CalCom Energy’s $100M Fund Targets Farms for Solar-Battery Systems

In California, it’s not just vulnerable families and critical services that could use battery-backed solar systems to ride through wildfire-prevention power outages. Farms also have critical energy needs, like pumping water to crops on set schedules, or chilling them after harvest, that could face significant disruption under the state’s new wildfire prevention regime. CalCom Energy, a long-time solar and energy services provider for California’s agricultural sector, thinks it has a solution. This week, the Fresno-based developer launched a $100 million Agriculture Energy Infrastructure Fund, aimed at combining low-cost solar power-purchase agreements with the backup power of energy storage.

University Team Developing Novel Low-Cost Energy Storage System

Two Cal Poly Pomona engineering professors have won a $149,000 grant from the U.S. Bureau of Reclamation to continue development of a low-cost energy storage system using reverse osmosis concentrate (ROC), the byproduct of water desalinization plants. As droughts increase, more communities, especially in the Southwest U.S., are considering desalinization plants to meet their fresh water needs. However, ROC is harmful to the environment due to its high salt content, biocides, metals and coagulents. At the same time, the energy sector is looking for more cost-effective methods of energy storage.

Implications of Rate Design for the Customer-Economics of Behind-the-Meter Storage

This work provides insights for the two main sources of bill savings for residential and commercial customers – demand charge reductions and arbitrage of energy charges – considering a range of customer profiles and retail rate designs. Storage can reduce monthly demand charges, which are dependent on the customer’s billing demand in kW rather than the amount of energy they consume in kWh, by charging during times of low energy consumption and discharging during peak consumption hours, thereby reducing peak power consumption from the grid. Storage can also reduce electricity bills by charging the storage during low-priced hours and discharging during high-priced hours, taking advantage of price-differentials of time-varying rates. This study considers a variety of demand charge designs and rates that allow for energy arbitrage.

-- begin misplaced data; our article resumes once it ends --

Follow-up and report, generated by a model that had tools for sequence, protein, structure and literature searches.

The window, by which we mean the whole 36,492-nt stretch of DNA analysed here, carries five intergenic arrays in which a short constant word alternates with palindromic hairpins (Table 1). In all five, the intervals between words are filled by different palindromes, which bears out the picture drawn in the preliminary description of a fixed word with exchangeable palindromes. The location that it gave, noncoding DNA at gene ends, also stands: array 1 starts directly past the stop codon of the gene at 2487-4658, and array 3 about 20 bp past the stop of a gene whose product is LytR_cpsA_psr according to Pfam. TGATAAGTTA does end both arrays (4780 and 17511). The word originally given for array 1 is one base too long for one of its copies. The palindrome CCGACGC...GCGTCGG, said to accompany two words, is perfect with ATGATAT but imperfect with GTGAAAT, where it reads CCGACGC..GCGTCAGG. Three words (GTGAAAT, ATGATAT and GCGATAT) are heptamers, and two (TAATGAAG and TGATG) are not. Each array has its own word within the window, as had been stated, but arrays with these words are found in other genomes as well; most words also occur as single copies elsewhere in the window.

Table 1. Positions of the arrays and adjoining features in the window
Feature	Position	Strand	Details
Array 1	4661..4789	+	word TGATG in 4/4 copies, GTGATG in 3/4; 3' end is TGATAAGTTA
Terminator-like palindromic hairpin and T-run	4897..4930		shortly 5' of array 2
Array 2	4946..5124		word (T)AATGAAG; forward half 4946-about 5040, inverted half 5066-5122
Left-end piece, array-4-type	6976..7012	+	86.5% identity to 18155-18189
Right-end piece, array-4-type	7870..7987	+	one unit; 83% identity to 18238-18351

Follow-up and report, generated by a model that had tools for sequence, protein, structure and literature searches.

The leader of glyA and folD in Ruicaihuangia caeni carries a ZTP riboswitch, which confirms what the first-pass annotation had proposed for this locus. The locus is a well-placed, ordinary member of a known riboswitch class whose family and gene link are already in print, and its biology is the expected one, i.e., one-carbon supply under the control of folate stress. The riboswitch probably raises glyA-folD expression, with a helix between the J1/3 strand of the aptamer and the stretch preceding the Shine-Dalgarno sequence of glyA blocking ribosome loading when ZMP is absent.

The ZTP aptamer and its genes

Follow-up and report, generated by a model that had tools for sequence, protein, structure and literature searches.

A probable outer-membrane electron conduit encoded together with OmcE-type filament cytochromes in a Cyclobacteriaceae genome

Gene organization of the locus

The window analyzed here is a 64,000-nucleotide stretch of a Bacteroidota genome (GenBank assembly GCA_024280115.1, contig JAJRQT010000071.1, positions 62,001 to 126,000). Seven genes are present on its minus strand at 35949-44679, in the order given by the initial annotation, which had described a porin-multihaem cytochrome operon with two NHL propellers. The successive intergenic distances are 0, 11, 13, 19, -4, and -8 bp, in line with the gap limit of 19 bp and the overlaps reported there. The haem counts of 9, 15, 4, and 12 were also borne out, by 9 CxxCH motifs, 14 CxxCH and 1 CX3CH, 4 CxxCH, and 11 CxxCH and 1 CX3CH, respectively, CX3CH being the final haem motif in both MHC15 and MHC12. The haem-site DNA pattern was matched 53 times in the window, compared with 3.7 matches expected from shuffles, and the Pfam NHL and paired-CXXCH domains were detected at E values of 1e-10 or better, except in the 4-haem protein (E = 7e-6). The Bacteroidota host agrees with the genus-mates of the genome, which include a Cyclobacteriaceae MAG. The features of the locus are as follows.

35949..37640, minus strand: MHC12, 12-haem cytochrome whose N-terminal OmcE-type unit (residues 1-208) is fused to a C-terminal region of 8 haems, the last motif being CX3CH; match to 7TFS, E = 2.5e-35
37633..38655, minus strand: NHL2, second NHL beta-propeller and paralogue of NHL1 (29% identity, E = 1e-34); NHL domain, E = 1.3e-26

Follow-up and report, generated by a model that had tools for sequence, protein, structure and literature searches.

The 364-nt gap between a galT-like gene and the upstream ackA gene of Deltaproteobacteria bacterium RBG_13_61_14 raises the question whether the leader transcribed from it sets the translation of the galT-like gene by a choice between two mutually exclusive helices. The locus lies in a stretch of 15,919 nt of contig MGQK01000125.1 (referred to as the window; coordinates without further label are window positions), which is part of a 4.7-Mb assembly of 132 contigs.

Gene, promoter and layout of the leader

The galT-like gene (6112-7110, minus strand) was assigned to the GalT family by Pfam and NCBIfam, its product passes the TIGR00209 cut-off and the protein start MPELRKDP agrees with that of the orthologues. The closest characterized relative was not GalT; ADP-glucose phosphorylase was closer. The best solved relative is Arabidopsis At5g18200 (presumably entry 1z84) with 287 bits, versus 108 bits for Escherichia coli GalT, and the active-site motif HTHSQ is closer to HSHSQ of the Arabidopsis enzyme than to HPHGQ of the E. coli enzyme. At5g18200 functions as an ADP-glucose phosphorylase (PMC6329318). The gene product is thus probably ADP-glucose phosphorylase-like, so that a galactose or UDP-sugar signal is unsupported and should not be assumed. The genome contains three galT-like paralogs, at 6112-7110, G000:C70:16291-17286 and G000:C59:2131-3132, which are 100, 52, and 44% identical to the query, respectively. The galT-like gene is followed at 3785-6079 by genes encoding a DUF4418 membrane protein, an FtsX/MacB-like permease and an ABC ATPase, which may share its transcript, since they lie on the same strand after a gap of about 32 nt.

Long Read: The Dawn of Megastorage

Plummeting costs, industry maturity, and the ever-increasing penetration of global renewables are expanding the use cases for battery storage technology. Over the past year and a half, storage projects are increasing significantly in both scope and capacity.

Department of Energy Announces $40 Million in Funding for 29 Projects to Advance H2@Scale

The U.S. Department of Energy (DOE) has announced approximately $40 million in FY 2019 funding for 29 projects to advance the H2@Scale concept. The focus of H2@Scale is to enable affordable and reliable large-scale hydrogen generation, transport, storage, and utilization in the United States across multiple sectors. Funded through the DOE’s Office of Energy Efficiency and Renewable Energy (EERE), with contribution from DOE’s Office of Nuclear Energy, the selected projects will advance hydrogen storage and infrastructure technologies and identify innovative concepts for hydrogen production and utilization including grid resiliency.

S&T Powers High-Tech, Living Laboratory with New Microgrids to Study Advanced Lead Battery Technologies

Missouri University of Science and Technology has installed two new advanced lead battery microgrid systems at the campus’s EcoVillage, a living laboratory of solar homes S&T students designed and built to compete in the U.S. Department of Energy’s Solar Decathlon. Missouri S&T’s Microgrid Industrial Consortium is using the EcoVillage to test advanced lead battery energy storage in stationary grid-tied applications for potential use as a renewable energy source for communities of the future.

New Lithium Hydroxide Factory in Western Australia Wins Federal Approval

Earthworks for a new lithium hydroxide factory in Western Australia are expected to begin this month after the $1bn project received federal environmental approval. The plant owned by the world’s largest lithium producer, the US chemical company Albemarle, was approved by the Western Australian government in October and is estimated to create up to 500 jobs in construction, with another 100 to 500 operational jobs once it is operational. Australia’s trade minister, Simon Birmingham, said the plant would provide a much-needed local jobs boost and supply a growing global demand for lithium, which is used in renewable energy storage.

Mexico Gets Its First Grid-Scale Battery—at a Car Factory

Mexico energy authorities have been developing an energy storage strategy to balance out the country’s recent surge in solar power plants. What appears to be the first and largest battery to come online, though, does something else entirely. The 12-megawatt/12-megawatt-hour device switched on in October to deliver reliability and power quality at a 130-megawatt microgrid serving an automotive factory campus in Monterrey. The device handles spinning reserve, voltage support and frequency for the fully self-contained electrical system.